“The heart of my idea can be put this way: Just as God might have reasons beyond our ken for permitting horrendous evils, similarly he might have reasons beyond our ken for deceiving us in various ways.” (29:52)
And hence the undercutting defeater to testimony: as Wielenberg puts it, “we can’t trust divine revelation.”
In addition, Wielenberg points out that when considering whether a person might be deceiving us, it is important to consider the track record of the individual in question. If the person has lied in the past, that heightens the concern that he might lie again in the future. This leads Wielenberg to ask, “What’s God’s track record like?” In response, he cites four biblical passages in which God allegedly lies to people. The first is in the Garden when God warns Adam and Eve that they will die if they eat from the tree of knowledge of good and evil. But they don’t die, and so Wielenberg concludes that God lied.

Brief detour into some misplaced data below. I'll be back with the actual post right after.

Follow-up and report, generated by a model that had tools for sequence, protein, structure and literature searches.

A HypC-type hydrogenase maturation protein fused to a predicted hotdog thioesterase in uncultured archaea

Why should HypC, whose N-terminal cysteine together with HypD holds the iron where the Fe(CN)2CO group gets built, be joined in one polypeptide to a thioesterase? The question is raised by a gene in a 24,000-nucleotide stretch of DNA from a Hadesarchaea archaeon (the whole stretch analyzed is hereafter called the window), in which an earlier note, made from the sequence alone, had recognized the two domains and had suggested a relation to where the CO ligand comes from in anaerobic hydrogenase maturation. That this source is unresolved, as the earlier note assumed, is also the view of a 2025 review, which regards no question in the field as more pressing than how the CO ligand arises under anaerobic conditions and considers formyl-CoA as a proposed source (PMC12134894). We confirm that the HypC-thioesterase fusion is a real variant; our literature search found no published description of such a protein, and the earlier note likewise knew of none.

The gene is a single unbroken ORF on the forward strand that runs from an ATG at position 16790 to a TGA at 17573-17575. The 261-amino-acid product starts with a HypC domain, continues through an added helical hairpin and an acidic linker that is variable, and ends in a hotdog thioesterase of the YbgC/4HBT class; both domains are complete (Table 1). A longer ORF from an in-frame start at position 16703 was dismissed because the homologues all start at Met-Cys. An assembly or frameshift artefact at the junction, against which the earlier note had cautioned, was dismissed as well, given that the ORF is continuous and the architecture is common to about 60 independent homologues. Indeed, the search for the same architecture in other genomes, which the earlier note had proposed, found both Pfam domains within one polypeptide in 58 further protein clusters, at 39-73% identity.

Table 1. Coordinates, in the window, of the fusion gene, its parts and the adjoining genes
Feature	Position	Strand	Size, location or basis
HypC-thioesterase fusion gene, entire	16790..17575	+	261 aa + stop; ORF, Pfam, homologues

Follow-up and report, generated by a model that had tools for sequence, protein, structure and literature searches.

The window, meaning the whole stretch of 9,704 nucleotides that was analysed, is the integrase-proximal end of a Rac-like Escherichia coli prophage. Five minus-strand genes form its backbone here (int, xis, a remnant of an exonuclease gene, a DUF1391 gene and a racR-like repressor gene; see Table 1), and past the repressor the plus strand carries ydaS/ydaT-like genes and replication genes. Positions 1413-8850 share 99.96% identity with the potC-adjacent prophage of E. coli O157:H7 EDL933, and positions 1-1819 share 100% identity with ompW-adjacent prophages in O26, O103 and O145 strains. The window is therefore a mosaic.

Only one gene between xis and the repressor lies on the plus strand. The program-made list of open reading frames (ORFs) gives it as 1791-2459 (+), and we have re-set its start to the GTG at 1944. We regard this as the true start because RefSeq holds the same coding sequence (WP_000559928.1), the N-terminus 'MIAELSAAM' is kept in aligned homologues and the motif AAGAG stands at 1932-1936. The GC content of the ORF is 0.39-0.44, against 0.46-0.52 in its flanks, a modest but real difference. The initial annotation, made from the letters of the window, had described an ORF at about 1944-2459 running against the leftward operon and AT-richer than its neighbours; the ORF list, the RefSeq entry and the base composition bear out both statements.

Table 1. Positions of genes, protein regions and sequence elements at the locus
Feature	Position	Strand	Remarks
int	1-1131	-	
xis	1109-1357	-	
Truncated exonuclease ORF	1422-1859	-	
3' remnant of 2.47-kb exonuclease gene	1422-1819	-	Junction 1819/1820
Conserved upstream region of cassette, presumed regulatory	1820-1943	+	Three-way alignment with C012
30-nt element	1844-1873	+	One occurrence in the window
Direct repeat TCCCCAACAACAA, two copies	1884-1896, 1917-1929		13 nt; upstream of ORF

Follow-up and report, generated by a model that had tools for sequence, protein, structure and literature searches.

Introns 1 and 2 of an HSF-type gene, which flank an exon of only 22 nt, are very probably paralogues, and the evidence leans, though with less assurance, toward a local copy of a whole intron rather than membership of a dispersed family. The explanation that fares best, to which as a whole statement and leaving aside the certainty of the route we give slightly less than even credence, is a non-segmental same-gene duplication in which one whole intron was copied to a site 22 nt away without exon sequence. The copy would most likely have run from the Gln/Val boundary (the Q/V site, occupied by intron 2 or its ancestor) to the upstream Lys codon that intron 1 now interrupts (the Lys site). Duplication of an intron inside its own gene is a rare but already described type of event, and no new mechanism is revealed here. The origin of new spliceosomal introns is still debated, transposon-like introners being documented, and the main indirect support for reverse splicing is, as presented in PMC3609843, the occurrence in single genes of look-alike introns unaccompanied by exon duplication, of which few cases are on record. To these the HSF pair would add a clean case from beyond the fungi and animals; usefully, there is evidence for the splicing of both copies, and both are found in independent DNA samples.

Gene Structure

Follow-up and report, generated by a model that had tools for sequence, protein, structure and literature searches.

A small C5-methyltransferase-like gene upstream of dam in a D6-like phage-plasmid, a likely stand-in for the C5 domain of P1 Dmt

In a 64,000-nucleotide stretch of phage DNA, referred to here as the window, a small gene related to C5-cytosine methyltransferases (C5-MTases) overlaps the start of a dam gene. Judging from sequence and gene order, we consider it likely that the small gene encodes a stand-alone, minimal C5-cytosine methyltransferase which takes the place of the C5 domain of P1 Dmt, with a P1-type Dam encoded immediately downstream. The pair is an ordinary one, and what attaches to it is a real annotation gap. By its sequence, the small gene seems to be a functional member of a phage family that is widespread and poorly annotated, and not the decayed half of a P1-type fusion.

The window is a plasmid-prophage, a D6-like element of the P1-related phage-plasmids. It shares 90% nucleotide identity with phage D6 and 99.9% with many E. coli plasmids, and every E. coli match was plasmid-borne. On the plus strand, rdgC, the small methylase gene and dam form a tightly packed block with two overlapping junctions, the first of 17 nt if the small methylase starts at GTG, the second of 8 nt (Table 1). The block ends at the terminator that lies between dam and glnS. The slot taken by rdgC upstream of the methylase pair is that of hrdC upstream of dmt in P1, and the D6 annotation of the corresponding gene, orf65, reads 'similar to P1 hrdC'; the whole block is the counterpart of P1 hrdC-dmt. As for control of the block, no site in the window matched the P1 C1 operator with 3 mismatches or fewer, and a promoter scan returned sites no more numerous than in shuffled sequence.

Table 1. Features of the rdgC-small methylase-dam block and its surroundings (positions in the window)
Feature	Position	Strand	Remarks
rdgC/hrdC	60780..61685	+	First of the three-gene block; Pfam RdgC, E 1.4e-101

This leaves open the possibility that God might have sufficient reasons to lie to us about various other matters, even something as serious as salvation. Is there any way out of this skeptical morass of divine deception?
Let me begin by reiterating that you should listen to the Wielenberg interview if you haven’t already. I can’t hope to provide every nuance of the argument in the brief summary I’ve included above.
Next, let me note that I appreciate the care and nuanced tone of Wielenberg’s presentation. I got the sense that the two Doubtcasters who interviewed Wielenberg (who both did a good job, by the way) were really interested in apologetic ammunition for their particular atheistic perspective. Fair enough, but even as Wielenberg laid out his position he also rightly cautioned that he is only able to give a snippet of a large conversation to which there are endless replies and counter-replies. In other words, the triumphalist who wants some quick ammunition to bolster his position had better appropriate the discussion here with a degree of care, noting that the discussion is provisional and part of an ongoing debate.